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Originally published Tuesday, January 14, 2014 at 4:32 PM

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Editorial: Time out for school discipline

Minority students and students with disabilities suffer the most from school discipline that too easily employs suspensions and expulsions.

Seattle Times Editorial

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SCHOOL discipline protocols and procedures were already under scrutiny, and should draw even more attention after a disturbing report by the Obama administration.

U.S. Secretary of Education Arne Duncan last week released a series of guidelines for rethinking how schools maintain safe learning environments.

The recommendations are grounded in nationwide statistical data that “show youths of color and youths with disabilities are disproportionately impacted by suspensions and expulsions.”

Educating our children is already fraught with financial, learning, instructional and social issues that compound worries about achievement gaps and steady progress through 12 years of school and beyond.

Being in class and in front of a teacher is basic, but it turns out many, many students are booted out of school for random reasons, and because it is easy to do.

Duncan quotes one study that found “95 percent of out-of-school suspensions were for nonviolent, minor disruptions such as tardiness and disrespect.”

None of the discussion is about compromising safety for students, teachers or staff. Instead, the challenge is to try harder to find out the underlying causes of the misbehavior. Train staff, involve parents and help the students get past the issues in their lives that fuel disruptive behavior.

As Seattle Times reporter Linda Shaw noted last week in a report for the newspaper’s Education Lab, how best to monitor school discipline is a widespread issue.

Questions about how discipline is handled across racial and economic lines have been raised in Washington state school districts on both sides of the Cascades.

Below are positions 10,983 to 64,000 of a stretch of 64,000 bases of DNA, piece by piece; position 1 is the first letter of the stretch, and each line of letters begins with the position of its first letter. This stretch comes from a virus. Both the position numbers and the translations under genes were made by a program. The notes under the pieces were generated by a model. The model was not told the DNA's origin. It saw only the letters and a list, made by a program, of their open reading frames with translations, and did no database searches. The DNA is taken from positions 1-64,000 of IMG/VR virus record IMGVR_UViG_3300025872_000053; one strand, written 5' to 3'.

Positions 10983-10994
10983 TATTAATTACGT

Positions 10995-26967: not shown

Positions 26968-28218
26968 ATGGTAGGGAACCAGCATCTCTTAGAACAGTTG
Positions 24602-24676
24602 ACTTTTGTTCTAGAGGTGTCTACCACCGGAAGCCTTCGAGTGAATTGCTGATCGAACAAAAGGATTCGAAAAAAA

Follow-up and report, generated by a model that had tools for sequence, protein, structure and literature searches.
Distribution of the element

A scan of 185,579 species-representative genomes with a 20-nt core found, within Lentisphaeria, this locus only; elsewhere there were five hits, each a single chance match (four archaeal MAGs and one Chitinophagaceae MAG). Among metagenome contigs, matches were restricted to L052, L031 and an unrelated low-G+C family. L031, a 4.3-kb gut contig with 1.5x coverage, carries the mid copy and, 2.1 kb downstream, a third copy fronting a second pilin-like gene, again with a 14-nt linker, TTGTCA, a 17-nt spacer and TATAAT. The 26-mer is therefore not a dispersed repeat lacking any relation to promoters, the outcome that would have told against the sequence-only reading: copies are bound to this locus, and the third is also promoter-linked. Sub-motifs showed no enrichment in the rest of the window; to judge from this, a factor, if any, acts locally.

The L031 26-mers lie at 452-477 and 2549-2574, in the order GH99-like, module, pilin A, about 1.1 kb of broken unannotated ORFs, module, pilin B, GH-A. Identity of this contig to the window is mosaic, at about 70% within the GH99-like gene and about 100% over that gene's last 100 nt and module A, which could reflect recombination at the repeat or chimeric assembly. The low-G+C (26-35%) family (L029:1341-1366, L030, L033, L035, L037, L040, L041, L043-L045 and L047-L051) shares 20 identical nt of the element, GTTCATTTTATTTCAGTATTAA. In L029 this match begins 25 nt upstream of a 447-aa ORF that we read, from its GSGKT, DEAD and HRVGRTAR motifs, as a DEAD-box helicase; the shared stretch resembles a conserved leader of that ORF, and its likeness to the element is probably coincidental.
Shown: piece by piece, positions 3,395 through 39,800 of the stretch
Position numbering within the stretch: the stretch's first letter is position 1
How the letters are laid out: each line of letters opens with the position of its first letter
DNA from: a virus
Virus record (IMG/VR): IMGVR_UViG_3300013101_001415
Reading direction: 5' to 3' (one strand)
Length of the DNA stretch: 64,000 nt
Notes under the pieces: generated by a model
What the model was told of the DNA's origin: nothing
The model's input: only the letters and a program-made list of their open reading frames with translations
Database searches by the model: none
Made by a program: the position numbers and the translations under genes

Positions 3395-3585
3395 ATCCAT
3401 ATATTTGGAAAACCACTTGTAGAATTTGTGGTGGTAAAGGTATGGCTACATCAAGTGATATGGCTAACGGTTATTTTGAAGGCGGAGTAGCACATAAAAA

The U.S. secretary of education’s list of guidelines describe a path forward:

• Set high expectations for behavior and adopt an institutional approach to discipline.

• Involve families, students and school personnel and communicate regularly and clearly.

• Ensure that clear, developmentally appropriate and proportional consequences apply for misbehavior.

• Create policies that include appropriate procedures for students with disabilities and due process for all students.

• Remove students from the classroom only as a last resort, ensure that alternative settings provide academic instruction and return students to class as soon as possible.

Duncan makes a point that should drive all these efforts and be the benchmark for performance: “In view of the essential link between instructional time and academic achievement, schools should strive to keep students in school and engaged in learning to the greatest extent possible.”

The data-driven evidence makes it clear that booting kids out of school is the default option of choice. The stakes are too high for that to continue.

Editorial board members are editorial page editor Kate Riley, Frank A. Blethen, Ryan Blethen, Sharon Pian Chan, Lance Dickie, Jonathan Martin, Thanh Tan, William K. Blethen (emeritus) and Robert C. Blethen (emeritus).

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